Budget 2018—Equality + Growth: A Strong Middle Class
Over the last two and a half years, Canada’s economic growth has been fuelled by a stronger middle class. To build on this progress, we recently tabled Budget 2018, which supports our people-centred approach to provide greater prosperity and growth that benefits everyone. Guided by a new Gender Results Framework, Budget 2018 continues to put the needs of Canadians first and proposes measures to ensure that every Canadian has a real and fair chance at success.
I am happy to highlight some of the important measures connected to my department—many of which are consistent with what I heard through my extensive consultations with Canadians and stakeholders.
Supporting equal parenting
To support greater gender equality in the home and in the workplace, the Budget proposes a new Employment Insurance parental sharing benefit to give parents more choice by providing an additional five weeks of EI parental benefits when both parents agree to share parental leave. This “use it or lose it” incentive encourages a second parent in two-parent families to share more equally in the work of raising their children. This will allow greater flexibility for new moms to return to work sooner, if they so choose. It also allows the dad or other parent more time to bond with their child, feel more confident in their ability to meet their needs and ultimately set up patterns of more equal parenting that will last a lifetime. The parental sharing benefit is part of the Government’s commitment to make the Employment Insurance system more flexible to reflect the needs of people who need it.
Canada Workers Benefit
Starting in 2019 the new Canada Workers Benefit (CWB) will put more money in the pockets of low-income workers than the Working Income Tax Benefit that it replaces. The CWB will increase the maximum benefits and increase the income level at which the benefit is phased out. As a result, a low-income worker earning $15,000 would receive up to almost $500 more from the CWB in 2019 than in 2018 to invest in the things that are important to them. By allowing more low-income workers to get more, the CWB will deliver real help to more than 2 million Canadians who are working hard to join the middle class—raising around 70,000 workers out of poverty by 2020 and encouraging more Canadians to join or stay in the labour market.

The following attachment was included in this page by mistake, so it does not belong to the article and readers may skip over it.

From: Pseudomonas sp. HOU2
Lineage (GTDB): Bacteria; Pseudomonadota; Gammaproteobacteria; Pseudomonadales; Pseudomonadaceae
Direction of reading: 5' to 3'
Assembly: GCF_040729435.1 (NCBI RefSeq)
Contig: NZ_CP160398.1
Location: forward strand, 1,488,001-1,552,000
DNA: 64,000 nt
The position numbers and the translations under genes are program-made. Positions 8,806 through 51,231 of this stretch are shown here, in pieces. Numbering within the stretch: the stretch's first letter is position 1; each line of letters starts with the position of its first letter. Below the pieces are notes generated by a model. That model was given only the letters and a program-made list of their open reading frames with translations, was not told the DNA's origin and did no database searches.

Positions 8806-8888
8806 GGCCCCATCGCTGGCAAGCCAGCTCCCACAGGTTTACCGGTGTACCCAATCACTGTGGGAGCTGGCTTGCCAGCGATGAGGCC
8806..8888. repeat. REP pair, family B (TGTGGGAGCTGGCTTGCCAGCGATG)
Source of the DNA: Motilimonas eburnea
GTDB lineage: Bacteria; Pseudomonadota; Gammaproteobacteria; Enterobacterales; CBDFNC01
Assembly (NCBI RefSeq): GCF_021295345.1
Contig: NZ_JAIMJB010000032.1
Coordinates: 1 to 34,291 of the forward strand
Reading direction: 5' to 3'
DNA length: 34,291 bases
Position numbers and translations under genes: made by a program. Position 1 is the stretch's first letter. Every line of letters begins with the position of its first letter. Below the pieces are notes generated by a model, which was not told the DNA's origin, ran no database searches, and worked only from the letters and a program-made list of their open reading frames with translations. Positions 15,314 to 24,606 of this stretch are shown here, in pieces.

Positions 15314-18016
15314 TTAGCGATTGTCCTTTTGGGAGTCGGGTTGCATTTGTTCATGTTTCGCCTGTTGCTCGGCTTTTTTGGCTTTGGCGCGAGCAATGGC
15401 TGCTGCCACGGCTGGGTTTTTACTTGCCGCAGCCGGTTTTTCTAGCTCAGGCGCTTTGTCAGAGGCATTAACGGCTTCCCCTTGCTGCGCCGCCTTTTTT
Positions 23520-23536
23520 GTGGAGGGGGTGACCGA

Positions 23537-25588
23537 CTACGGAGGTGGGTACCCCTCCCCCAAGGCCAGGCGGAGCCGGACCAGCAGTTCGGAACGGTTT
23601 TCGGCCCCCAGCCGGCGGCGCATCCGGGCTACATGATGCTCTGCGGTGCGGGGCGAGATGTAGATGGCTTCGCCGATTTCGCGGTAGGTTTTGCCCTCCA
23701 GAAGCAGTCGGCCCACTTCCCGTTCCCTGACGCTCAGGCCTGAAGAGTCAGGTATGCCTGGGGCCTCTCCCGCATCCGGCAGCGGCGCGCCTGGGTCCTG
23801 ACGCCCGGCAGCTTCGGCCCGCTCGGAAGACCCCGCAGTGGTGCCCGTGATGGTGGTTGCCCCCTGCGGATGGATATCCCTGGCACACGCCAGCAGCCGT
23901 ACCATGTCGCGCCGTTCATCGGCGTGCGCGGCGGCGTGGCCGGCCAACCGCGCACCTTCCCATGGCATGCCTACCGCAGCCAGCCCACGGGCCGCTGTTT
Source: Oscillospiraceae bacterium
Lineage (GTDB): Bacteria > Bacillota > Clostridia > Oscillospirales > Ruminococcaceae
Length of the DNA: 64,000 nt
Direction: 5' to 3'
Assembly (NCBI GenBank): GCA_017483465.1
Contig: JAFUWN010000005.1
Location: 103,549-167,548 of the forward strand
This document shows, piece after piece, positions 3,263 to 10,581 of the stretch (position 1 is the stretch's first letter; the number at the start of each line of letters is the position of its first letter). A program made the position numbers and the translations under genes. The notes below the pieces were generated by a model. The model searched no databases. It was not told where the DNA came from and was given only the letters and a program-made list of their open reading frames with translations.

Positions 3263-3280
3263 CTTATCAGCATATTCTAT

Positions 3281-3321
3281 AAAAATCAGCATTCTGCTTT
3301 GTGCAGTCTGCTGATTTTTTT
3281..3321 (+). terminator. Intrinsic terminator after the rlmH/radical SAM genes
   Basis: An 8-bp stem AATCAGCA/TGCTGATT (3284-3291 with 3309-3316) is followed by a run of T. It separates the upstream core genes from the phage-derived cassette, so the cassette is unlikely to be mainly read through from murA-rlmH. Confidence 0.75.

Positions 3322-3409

Also, starting in 2019, the Government will make it easier for people to access the CWB. Everyone who can benefit from the new CWB will receive it automatically. As a result, an estimated 300,000 additional low-income workers will receive the new CWB for the 2019 tax year.
Improving access to the Canada Child Benefit
As announced in the 2017 Fall Economic Statement, we are strengthening the Canada Child Benefit (CCB) to make sure it keeps up with the rising cost of living, starting in July 2018. The CCB is particularly beneficial to families led by single mothers. Last year, single mothers earning less than $60,000 a year received, on average, about $9,000 in tax-free CCB benefits.
Our government recognizes that Indigenous communities face distinct barriers to accessing federal benefits such as the CCB. Budget 2018 proposes measures to expand outreach efforts to all on-reserve, remote and northern Indigenous communities, and will pilot outreach projects for urban Indigenous communities, ensuring Indigenous people have better access to the CCB and the other federal social benefits to which they are entitled.
Rental Construction Housing Initiative
A growing number of Canadians are finding it difficult to find a safe and affordable place to live. Many of our cities lack affordable rental housing, and growing populations and the rising cost of home ownership make it more challenging to find—and afford—a good place to live.
To encourage a stable supply of affordable rental housing across the country, the Budget proposes to increase the amount of loans provided by the Rental Construction Financing initiative by 50%. This new funding will support projects that address the needs for modest- and middle-income households struggling in expensive housing markets.
Funding for the Rental Construction Financing initiative will encourage the construction of more than 14,000 new rental housing units.
Employment Insurance Call Centre Accessibility
EI call centres play a key role in delivering EI benefits, allowing Canadians to obtain information and assistance from agents who know the EI program well. Building on investments of $73 million over two years announced in Budget 2016, the Budget proposes to provide an additional $127.7 million over three years, starting in 2018–19, to further improve accessibility and ensure Canadians receive timely and accurate information and assistance with EI benefits. It is important to be able to count on client service that meets the needs of citizens.
By building on the Government’s plan to invest in the middle class, Budget 2018 takes significant steps to ensure everyone has the opportunity to fully contribute to the development of our society and to benefit from an to economic growth that works for all Canadians.